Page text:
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The striatum receives major excitatory inputs from the cortex and thalamus that predominantly target the spines of medium-sized spiny neurons (MSNs). We aimed to determine whether there is any selectivity of these two excitatory afferents in their innervation of direct and indirect pathway MSNs. To address this, we used bacterial artificial chromosome transgenic mice, in which enhanced green fluorescent protein (EGFP) reports the presence of D(1) or D(2) dopamine receptor subtypes, markers of direct and indirect pathway MSNs, respectively. Excitatory afferents were identified by the selective expression of vesicular glutamate transporter type 1 (VGluT1) by corticostriatal afferents and vesicular glutamate transporter type 2 (VGluT2) by thalamostriatal afferents. A quantitative electron microscopic analysis was performed on striatal tissue from D(1) and D(2) mice that was double immunolabeled to reveal the EGFP and VGluT1 or VGluT2. We found that the proportion of synapses formed by terminals derived from the cortex and thalamus was similar for both direct and indirect pathway MSNs. Furthermore, qualitative analysis revealed that individual cortical or thalamic terminals form synapses with both direct and indirect pathway MSNs. Similarly, we observed a convergence of cortical and thalamic inputs onto individual MSNs of both direct and indirect pathway: individual EGFP-positive structures received input from both VGluT2-positive and VGluT2-negative terminals. These findings demonstrate that direct and indirect pathway MSNs are similarly innervated by cortical and thalamic afferents; both projections are thus likely to be critical in the control of MSNs and hence play fundamental roles in the expression of basal ganglia function.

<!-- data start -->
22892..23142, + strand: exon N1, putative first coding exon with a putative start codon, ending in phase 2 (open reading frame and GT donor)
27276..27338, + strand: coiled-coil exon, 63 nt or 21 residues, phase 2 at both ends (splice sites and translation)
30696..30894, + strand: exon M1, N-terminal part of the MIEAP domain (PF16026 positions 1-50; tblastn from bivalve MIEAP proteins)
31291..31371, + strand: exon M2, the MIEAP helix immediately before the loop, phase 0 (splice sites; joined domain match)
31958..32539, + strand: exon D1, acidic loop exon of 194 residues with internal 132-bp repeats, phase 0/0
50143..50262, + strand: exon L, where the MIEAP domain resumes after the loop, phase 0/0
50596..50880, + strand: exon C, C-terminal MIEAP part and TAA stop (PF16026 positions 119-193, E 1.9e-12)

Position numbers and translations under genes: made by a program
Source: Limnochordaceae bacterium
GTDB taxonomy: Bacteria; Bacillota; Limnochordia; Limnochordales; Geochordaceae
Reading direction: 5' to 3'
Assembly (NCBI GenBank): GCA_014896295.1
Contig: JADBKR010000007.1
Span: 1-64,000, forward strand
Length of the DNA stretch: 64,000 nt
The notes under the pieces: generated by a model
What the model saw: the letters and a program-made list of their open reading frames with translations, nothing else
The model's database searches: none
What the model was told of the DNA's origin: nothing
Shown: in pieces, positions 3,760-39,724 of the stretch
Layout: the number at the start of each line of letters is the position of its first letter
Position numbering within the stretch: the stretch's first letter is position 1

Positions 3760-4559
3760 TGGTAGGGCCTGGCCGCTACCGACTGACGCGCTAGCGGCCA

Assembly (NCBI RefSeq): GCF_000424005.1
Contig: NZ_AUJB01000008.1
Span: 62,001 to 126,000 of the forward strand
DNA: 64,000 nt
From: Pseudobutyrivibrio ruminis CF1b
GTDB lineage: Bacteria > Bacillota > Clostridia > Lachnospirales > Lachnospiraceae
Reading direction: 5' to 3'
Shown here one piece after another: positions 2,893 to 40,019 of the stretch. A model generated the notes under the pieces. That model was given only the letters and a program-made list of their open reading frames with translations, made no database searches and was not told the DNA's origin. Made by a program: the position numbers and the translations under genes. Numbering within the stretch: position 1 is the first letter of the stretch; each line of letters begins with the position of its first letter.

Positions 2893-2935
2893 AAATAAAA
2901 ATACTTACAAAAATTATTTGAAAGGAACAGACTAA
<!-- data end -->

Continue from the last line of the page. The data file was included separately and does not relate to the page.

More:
Original publication




Journal article


J Neurosci

Publication Date





14610 - 14618


Afferent Pathways, Animals, Cerebral Cortex, Corpus Striatum, Dendritic Spines, Dopamine, Glutamic Acid, Mice, Mice, Transgenic, Microscopy, Immunoelectron, Neurons, Synapses, Synaptic Transmission, Thalamus